The 2016 election could come down to just seven swing states, or virtually the same Electoral College map from the last presidential election, says analyst Larry Sabato, but that doesn't mean the Democratic Party already has a clear advantage going into the race.
"The past is often not a good guide to the future," said Sabato, director of the University of Virginia Center for Politics, in a column written for Politico
along with Kyle Kondik and Geoffrey Skelley, the managing editor and associate editor for Sabato's Crystal Ball.
"With regularity in modern history, the Electoral College's alleged lock for one party has been picked by the other party, usually at eight-year intervals."
The seven "super-swingy" states are Colorado, Florida, Nevada, Ohio, and Virginia, all of which backed Presidents George W. Bush and Barack Obama two times each, and Iowa and New Hampshire, which voted Democratic in three out of the last four elections.
The nation's number of swing states has shrunk through the years. In the 2000 election, 12 states were decided by five points or fewer, and that number shrunk to four states in 2012.
But while on paper, it appears that Democrats could have the advantage again in 2016, a great deal of factors could change, meaning states that appear to be "solidly in one party's column can switch in any given year because of either long-term or short-term concerns.
"Other states that merely lean to one party require less of a push to change allegiances," Sabato says. "North Carolina tilts to the GOP and Wisconsin to the Democrats, but it doesn't require much imagination to foresee the winning party flipping one or the other."
This means that Democrats need to keep the states they control from switching over, but also "entails zero expansion of the blue map."
And assuming Democratic states remain loyal, the eventual Democratic nominee will need to win "only 23 of the 85 toss-up electoral votes," the report said, and if a smaller state like Wisconsin turns Republican, it would not be hard to replace their votes.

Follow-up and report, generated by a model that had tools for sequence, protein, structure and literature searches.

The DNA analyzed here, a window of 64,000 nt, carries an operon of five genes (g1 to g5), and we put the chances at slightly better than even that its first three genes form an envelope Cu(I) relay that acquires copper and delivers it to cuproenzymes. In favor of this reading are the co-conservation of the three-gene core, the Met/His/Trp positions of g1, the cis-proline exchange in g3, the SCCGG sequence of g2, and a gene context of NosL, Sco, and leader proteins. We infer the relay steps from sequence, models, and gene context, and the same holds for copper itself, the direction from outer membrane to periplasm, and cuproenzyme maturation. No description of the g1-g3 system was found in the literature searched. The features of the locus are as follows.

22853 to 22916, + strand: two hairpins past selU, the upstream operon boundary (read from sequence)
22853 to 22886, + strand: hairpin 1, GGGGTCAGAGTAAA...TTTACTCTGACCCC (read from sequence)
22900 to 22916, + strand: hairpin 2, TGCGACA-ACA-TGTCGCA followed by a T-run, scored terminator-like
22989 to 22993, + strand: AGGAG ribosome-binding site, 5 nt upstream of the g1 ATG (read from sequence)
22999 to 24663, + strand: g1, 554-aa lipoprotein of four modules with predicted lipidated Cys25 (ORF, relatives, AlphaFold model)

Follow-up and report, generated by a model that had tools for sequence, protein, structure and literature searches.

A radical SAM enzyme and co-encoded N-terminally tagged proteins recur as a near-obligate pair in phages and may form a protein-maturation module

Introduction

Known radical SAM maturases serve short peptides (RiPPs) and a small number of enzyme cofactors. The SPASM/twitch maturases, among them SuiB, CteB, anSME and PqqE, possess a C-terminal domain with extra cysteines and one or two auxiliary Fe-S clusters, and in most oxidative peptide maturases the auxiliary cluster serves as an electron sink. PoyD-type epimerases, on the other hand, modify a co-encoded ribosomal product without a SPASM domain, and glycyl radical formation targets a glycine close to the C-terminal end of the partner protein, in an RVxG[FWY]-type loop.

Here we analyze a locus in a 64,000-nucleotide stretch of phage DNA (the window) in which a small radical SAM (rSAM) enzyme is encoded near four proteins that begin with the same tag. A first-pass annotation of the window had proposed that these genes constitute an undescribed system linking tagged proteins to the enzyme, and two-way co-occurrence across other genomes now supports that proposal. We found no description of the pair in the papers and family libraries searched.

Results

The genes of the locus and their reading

Meanwhile, Republicans will need to hold the states they already control plus try to pull together another 64 electoral votes, or even 79 without North Carolina, meaning they'll have the tough task of sweeping the toss-up swing states. This could be difficult unless forces such as Obama's troubled job approval rating work against Democrats, Sabato said.
And while it's possible the Republican path to the presidency could go through the Midwest, its more likely to expect the GOP map to look like the route Bush took to office, through the South, rural Midwest and Rocky Mountain states, the report said.
In addition, North Dakota is not being called a toss-up and Nevada is not yet determined to be leaning Democratic, and Sabato is predicting that the 2016 outcome will be even closer than Obama's narrow win of four percentage points in 2012.
The current scenario leaves two predictions at this point: Republicans need either Florida or Ohio to win the White House.
Both states lean slightly more Republican, and "if GOP voters are thinking strategically during the nominating process, they will pick a candidate with a profile appealing to Sunshine and Buckeye state residents."
There are candidates and potential candidates from both states. Sen. Marco Rubio of Florida has already declared, while former Florida Gov. Jeb Bush and Ohio Gov. John Kasich are also expected to announce
The other Sabato prediction is that there are credible Democratic paths to the White House that do not include Virginia, but "anything other than a win or a loss by just a percent or two in the Old Dominion will signal the Democract's downfall."
Elections over the years have changed, and in the current battlefield, 40 states have voted for the same party in all four elections since 2000, and out of the other 10, three have flipped back and forth. New Mexico went for former Vice President Al Gore in 2000 and Bush in 2004, and now is trending Democratic. Indiana and North Carolina both went for Obama in 2008 after his campaign advertised heavily there, but both states generally trend Republican.
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